For a school in Hampshire, talking about, looking at, keeping records of and considering problems with poo is something of a feature. With the help of ERIC, many children and their families have been supported to better understand bowels and bladders and be on their way to continence. Now they want to pass that knowledge on....

Wee and poo characters wearing mortar boards We are a primary special school in Basingstoke with over a hundred pupils aged from 4 to 11. The majority of our children have autism and all have learning difficulties. Working with children in school and at home with their families, the Home/School Team have over twenty years of experience of trying to help children learn one of the most important of life skills – how to poo and wee.

Finding solutions and helpful resources

Sometimes the solutions can be found by considering the way a child is affected by their autism. This could mean:

  • A child can't enter a bathroom
  • They smear their poo because of sensory issues
  • They can't stop to go to the loo because of rigid thinking

Of course, there are many other considerations that need to be made when a child has autism and perceives the world differently. We recommend downloading ERIC’s Guide for Children with Additional Needs and taking a look at this blog on tackling toilet training problems in children with autism.

We would also urge those who would benefit to try and attend a training event delivered by Lorraine MacAlister, a training consultant for the National Autistic Society and Dr Eve Fleming, a Community Paediatrician and ERIC trustee which are invaluable.

Mixed advice from doctors 

However, in our experience, one of the greatest challenges has been when a child has an acknowledged difficulty with poo and parents have contacted their doctor. There are numerous occasions where parents have been given advice by their GPs that has included: “It’s just a phase….all children get constipated at times… she’ll grow out of it…. Get him to eat a more varied diet….. it’s because of the learning difficulty……..it’s a behavioural response….” and so on.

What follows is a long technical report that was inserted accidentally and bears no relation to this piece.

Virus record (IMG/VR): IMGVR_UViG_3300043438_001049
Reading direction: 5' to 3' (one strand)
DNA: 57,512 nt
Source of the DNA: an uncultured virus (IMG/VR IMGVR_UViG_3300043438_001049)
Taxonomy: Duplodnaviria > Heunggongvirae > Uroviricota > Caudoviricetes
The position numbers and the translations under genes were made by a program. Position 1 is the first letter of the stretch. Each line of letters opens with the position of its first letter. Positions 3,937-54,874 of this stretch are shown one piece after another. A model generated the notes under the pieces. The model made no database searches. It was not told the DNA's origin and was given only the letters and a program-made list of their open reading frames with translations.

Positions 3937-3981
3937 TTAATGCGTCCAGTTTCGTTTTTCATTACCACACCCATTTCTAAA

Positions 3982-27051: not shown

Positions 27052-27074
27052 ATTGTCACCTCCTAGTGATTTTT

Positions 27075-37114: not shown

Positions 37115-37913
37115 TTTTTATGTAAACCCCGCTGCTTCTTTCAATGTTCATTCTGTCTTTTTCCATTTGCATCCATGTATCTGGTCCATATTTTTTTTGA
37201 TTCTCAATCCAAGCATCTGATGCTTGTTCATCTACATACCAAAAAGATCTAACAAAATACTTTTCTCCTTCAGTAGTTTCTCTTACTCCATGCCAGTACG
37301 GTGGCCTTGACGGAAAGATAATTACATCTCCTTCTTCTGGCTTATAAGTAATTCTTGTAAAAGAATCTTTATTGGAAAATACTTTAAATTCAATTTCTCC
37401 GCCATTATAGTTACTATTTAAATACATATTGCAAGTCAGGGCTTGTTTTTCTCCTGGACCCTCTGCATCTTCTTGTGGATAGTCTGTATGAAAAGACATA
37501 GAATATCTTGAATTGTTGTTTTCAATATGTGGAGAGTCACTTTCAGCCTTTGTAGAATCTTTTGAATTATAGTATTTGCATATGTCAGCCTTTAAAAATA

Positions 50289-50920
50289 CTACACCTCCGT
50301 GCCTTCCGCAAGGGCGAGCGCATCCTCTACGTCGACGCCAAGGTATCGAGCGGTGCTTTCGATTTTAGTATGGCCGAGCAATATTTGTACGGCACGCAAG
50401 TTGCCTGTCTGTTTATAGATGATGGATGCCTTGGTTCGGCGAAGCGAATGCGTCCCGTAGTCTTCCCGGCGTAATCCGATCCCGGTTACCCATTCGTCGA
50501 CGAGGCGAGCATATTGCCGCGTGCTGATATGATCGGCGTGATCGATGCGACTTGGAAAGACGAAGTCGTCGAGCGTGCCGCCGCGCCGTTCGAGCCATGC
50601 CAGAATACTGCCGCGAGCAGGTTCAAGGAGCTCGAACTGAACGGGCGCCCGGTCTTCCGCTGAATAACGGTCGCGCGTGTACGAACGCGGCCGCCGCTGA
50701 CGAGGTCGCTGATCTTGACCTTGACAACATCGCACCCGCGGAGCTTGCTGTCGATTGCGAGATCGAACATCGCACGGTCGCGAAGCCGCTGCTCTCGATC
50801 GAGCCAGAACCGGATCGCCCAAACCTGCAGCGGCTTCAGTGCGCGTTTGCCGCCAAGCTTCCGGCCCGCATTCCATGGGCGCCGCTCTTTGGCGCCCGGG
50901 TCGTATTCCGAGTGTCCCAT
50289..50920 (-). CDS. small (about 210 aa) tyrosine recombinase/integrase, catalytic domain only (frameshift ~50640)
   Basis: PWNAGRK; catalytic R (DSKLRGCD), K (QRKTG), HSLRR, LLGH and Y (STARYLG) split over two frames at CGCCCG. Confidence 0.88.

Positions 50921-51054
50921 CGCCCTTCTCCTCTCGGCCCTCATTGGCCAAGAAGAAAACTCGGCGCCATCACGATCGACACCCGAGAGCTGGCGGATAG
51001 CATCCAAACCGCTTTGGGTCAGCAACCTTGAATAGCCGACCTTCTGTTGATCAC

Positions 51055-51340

There have also been times when advice has been sound – where GP’s have listened to parents and taken into account the child’s development. It is, we believe the delay in recognising and treating children’s constipation that has led to some of our children experiencing discomfort and pain with the added challenge that they may not be able to communicate this. Also, consider that if a child has suffered long term, they do not know any other way of being and they may not understand that it could be any different. So teaching them to recognise how they are feeling and how they communicate this is essential.

What do we do in our school? 

In a nutshell we talk about poo! We raise awareness of school staff by:

  • “Let them eat cake!” We make a Bristol Stool Chart cake following this recipe. Staff know it’s made of chocolate, but it is amazing to see how many folk just CANNOT eat it because of the resemblance to poo. Take the flake or maltesers off the cake and they devour the lot!Bristol stool form scale cake
  • Place Bristol Stool Charts and images of how to sit on the loo properly in the toilet areas along with an assortment of step stools and toilet seats, chairs etc. See ERIC's guide to children's bowel problems for these images. 
  • Invite staff to a training and advice sessions for families held in afternoon and evening.
  • Promote Poo Patrol – having record sheets and the Bristol Stool Chart close to hand in the toilet areas so staff can record what they have seen straight away – in a busy school this can often be forgotten.